The interview was conducted during my show yesterday, so I could only see some text as the mute button was on. I think Bill asked the governor if he really believed in Adam and Eve. The answer doesn’t matter to me so much as what the question represents: A huge breach in the previously widely respected understanding that such questions are not asked of presidential candidates and, if asked, politely turned aside as inappropriate in a nation built on the premise that religious tests are unconstitutional in law and that politics is best kept very clear of theological disputes appropriate to church debates and academic settings.
I wrote at length about the dangers of theology as a guide to presidential qualifications and as a subject for close inspection by journalists covering candidates in A Mormon In The White House. One part of the argument was that demands on Romney to explain his LDS beliefs would set evangelicals and Catholics at the top of a very steep, very slippery slope. O’Reilly’s interview questions confirms that my concerns were justified, and the slip down the slope begun.
My hope is that all the candidates greet this new enthusiasm in the MSM for theological inquisitions with a common response along the lines of:
I am running for the presidency because I love this country, care about its future and the future of its people. I believe it has been greatly blessed by God. It has been blessed with a great number of people who hold widely divergent views about God’s plan for the world and how that plan affects them. I think every person running for president needs to keep in mind that he, or she, will be called upon to be president of all Americans, not just those Americans with whom he or she agrees on matters of theology. I think we all need to follow the examples of our great presidents in avoiding sectarian division and the trap of suggesting that some Americans are more American than others because of their religious beliefs. There’s only one size of citizenship, and it applies to all Americans. I don’t think discussions of personal theology contribute to the idea of a strong and united America, which is exactly what we need in these times, so with all due respect, ____, I am going to decline to answer that question because I think it falls into the category of questions that tend to divide Americans over issues of faith and religious belief without really advancing any goal of understanding or policy.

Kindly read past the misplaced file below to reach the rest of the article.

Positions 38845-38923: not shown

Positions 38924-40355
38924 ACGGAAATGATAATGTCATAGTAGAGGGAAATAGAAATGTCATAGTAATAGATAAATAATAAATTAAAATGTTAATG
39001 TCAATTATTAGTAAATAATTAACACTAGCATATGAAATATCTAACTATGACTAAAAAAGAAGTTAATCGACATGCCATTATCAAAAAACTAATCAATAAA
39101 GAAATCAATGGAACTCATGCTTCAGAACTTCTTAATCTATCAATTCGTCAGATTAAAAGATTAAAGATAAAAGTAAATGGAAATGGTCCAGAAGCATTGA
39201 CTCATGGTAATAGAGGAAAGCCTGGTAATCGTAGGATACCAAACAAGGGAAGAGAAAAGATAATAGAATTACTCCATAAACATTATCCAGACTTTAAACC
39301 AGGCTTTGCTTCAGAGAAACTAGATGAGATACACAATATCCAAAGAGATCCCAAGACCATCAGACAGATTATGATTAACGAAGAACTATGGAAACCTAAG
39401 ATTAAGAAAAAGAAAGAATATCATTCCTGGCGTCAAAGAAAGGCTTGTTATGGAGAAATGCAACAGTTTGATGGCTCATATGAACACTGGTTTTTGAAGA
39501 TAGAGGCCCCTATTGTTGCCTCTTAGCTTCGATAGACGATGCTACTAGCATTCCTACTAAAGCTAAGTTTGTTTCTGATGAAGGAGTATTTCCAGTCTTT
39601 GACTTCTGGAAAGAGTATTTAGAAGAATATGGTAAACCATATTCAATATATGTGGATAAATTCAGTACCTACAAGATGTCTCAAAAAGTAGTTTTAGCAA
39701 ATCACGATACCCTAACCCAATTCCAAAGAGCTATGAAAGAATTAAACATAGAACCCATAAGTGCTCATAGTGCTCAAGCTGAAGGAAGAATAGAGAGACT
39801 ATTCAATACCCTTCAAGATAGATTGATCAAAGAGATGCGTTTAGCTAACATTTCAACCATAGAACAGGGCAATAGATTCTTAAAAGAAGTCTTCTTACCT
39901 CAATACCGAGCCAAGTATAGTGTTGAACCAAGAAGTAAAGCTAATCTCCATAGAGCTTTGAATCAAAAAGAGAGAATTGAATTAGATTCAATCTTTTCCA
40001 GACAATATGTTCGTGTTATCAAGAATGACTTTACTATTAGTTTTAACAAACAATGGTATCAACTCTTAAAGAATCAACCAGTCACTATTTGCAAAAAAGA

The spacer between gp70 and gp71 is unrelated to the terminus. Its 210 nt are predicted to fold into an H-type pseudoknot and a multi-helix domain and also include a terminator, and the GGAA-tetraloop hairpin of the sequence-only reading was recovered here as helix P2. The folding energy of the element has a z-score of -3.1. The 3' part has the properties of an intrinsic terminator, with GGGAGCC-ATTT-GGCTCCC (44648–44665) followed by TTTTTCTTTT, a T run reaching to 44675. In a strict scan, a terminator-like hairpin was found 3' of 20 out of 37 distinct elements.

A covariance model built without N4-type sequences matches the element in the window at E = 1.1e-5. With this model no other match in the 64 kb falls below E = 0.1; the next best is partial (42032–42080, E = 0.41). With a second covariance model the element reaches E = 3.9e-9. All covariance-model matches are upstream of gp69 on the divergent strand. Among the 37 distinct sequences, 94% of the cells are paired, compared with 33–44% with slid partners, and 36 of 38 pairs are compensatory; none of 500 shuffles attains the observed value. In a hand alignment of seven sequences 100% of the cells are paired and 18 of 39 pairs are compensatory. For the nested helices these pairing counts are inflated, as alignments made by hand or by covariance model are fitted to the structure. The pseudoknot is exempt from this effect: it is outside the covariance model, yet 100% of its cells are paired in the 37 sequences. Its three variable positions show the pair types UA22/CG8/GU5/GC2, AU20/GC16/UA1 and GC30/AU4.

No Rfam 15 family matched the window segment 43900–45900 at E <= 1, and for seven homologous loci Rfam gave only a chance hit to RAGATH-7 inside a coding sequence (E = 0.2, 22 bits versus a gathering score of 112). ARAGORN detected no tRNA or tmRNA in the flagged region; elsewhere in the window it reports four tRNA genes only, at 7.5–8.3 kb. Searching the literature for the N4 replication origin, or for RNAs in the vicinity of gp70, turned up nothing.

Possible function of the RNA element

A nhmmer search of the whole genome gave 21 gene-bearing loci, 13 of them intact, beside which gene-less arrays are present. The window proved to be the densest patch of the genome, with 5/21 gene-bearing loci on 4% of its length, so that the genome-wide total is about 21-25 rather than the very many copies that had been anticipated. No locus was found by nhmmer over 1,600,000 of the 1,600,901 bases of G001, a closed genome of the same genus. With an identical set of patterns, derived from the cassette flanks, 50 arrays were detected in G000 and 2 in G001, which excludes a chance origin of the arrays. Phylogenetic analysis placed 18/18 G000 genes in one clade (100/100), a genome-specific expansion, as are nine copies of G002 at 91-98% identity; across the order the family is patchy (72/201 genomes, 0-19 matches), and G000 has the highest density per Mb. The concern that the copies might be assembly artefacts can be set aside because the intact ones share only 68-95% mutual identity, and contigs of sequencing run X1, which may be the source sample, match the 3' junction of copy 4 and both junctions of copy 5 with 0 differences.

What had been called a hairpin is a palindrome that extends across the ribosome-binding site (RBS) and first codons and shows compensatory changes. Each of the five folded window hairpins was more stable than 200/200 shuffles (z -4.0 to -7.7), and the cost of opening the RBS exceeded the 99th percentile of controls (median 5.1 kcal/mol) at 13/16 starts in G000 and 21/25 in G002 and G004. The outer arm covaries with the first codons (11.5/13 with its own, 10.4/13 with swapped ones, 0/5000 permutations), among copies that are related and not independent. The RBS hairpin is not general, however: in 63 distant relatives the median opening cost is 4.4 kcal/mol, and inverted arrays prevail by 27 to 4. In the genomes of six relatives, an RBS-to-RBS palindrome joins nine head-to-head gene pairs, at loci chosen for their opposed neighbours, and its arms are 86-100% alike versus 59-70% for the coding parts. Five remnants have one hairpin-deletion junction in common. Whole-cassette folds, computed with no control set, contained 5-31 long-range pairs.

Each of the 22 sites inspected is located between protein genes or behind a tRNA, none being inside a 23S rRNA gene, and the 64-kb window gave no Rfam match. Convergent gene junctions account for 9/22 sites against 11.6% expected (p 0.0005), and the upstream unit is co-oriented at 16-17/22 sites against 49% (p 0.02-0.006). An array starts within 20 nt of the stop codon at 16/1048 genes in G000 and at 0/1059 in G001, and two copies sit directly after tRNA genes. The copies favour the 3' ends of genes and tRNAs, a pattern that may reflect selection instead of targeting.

Meanwhile, over at The O’Reilly Factor, Mike Huckablee is talking. Lowell comments:
The interview, which took place on October 31, is fascinating in its own way. A transcript should be up soon here. At one point O’Reilly pressed Huckabee on his religious beliefs, asking, “Do you believe only those who believe in Jesus will go to heaven?” (A silly question to ask a presidential candidate.) Huckabee properly avoided a direct answer, saying only that for him, faith in Jesus Christ is the only path. In his view, Huckabee stated, the most important thing was for candidates to “be honest about” their faith. At first I wondered what he meant by that, but he later clarified that he’s talking about living up to one’s Christian beliefs, rather than professing Christianity but living a lesser standard.
In short, in his deflection of religions-based questions, Huckabee sounded a lot like Romney. I wonder if dialogues like this one aren’t actually helpful by putting the issue in perspective and taking pressure off Romney. It’s worth noting that Romney’s not the only very religious conservative running in 2008 – and that the questions Huckabee is starting to get are just as irrelevant to his candidacy as they are to Romney’s.
John adds briefly: It also worthy of note that just yesterday we passed on and seconded Jim Geraghty’s concern, in response to Ramesh Ponnuru’s “pragmatism,” that :
I realize Mike Huckabee has only been in the top tier for a short time, but I wonder if we soon hear questions about “the Baptist preacher factor” in his bid.
Such was very much O’Reilly’s tone with the interview. When he went to commercial and when he came back, he promoted the interview with the question, “Can a deeply religious person be elected president of the United States?”
We have been saying just about forever on this blog that attacks on religion, are just that, attacks on religion. Huckabee’s continued appeals to being “one of us” and the whole “second language” crack from above are backfiring – easily foreseeable. It was interesting to watch Huckabee become entirely dismissive and duck the question, and the comparison to Romney when O’Reilly tried to press it.
Huckabee seems to want it both ways – a lot. Consider this from Hugh Hewitt’s interview with him yesterday:
Several months in advance of that, I’d indicated that I might, that I did indicate I would commute his sentence. But after reviewing his case and deciding that he wouldn’t have supervision, I decided against it and denied the commutation.
Does that remind you of anybody? This is getting more political than we usually get here, but his veiled references to Romney’s religion on one hand, and in front of one audience, and his denial of it being an issue in another is just below the belt. My comparison’s to Jesse Jackson are seeming more and more appropos.